US ‘welcomes’ NSC denial of claim it orchestrated Imran’s ouster

ISLAMABAD/WASHINGTON: The State Department welcomed the National Security Committee (NSC) statement saying it dismisses the suggestion that the United States had conspired to topple the government of former prime minister Imran Khan through a vote of confidence.

Addressing a press briefing, State Department deputy spokesperson Jalina Porter, when asked to comment, said: “We welcome this statement.”

Khan has accused Washington of backing a conspiracy to remove him. He had said that he visited Moscow against US advice. Washington denies the charge.

Asad Majeed Khan, former Pakistan ambassador to the United States who had written a cable to Islamabad about Washington’s take on Khan’s Moscow visit, briefed the civil and military leaders on the committee.

“The NSC after reviewing the contents of the communication, the assessment received, and the conclusion presented by the security agencies, concludes that there has been no conspiracy,” the statement said.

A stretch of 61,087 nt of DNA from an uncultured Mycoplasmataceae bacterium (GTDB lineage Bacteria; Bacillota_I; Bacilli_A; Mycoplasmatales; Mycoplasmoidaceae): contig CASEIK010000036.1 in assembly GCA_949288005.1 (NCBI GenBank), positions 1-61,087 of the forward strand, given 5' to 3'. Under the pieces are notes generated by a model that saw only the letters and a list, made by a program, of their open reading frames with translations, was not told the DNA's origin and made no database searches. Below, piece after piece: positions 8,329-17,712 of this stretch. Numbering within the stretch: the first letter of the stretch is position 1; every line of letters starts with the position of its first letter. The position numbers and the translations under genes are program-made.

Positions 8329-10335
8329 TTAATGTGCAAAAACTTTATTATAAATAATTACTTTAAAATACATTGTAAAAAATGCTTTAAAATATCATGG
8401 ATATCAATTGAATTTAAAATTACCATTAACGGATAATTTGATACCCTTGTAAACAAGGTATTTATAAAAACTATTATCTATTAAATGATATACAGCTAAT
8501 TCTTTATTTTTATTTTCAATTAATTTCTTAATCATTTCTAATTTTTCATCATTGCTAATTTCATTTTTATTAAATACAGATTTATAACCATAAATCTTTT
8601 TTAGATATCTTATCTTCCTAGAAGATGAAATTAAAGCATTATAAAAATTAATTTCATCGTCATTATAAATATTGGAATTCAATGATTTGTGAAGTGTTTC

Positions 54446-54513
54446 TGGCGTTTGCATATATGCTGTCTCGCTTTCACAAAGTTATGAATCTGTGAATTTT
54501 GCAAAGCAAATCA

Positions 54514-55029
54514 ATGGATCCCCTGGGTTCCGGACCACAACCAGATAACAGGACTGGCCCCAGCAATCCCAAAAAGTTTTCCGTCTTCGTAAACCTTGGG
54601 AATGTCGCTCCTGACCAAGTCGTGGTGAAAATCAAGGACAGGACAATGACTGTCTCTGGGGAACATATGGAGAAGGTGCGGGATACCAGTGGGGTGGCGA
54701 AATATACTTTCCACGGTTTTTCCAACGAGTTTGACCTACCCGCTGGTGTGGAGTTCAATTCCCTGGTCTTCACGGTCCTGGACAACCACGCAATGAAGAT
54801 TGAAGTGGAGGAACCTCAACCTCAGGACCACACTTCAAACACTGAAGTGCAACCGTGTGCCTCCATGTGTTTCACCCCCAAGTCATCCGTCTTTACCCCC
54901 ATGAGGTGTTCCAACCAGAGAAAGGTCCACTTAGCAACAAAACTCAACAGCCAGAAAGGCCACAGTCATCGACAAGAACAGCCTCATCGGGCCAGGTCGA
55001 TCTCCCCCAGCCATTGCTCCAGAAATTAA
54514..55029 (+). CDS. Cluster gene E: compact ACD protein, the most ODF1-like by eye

It had, however, also “reaffirmed the decisions of the last NSC meeting”. In the meeting held in March, the forum had decided to issue a “strong demarche” to a country, that it did not name, over what it said was “blatant interference in the internal affairs of Pakistan”.

During her briefing, Porter reiterated Washington’s position on the matter, saying: “there’s absolutely no truth to those rumours, so we welcome this statement.”

“And I would also like to underscore that the United States values our longstanding cooperation with Pakistan and has always viewed a strong, prosperous, and democratic Pakistan as critical to US interests.”

The Pakistan Tehreek-i-Insaf (PTI) party has demanded a judicial probe into the matter.

Khan has aired his conspiracy allegations in three huge public rallies he has held in Karachi, Lahore and Peshawar since he was ousted. He has demanded snap elections.

— With Reuters

The post US ‘welcomes’ NSC denial of claim it orchestrated Imran’s ouster appeared first on Pakistan Today.

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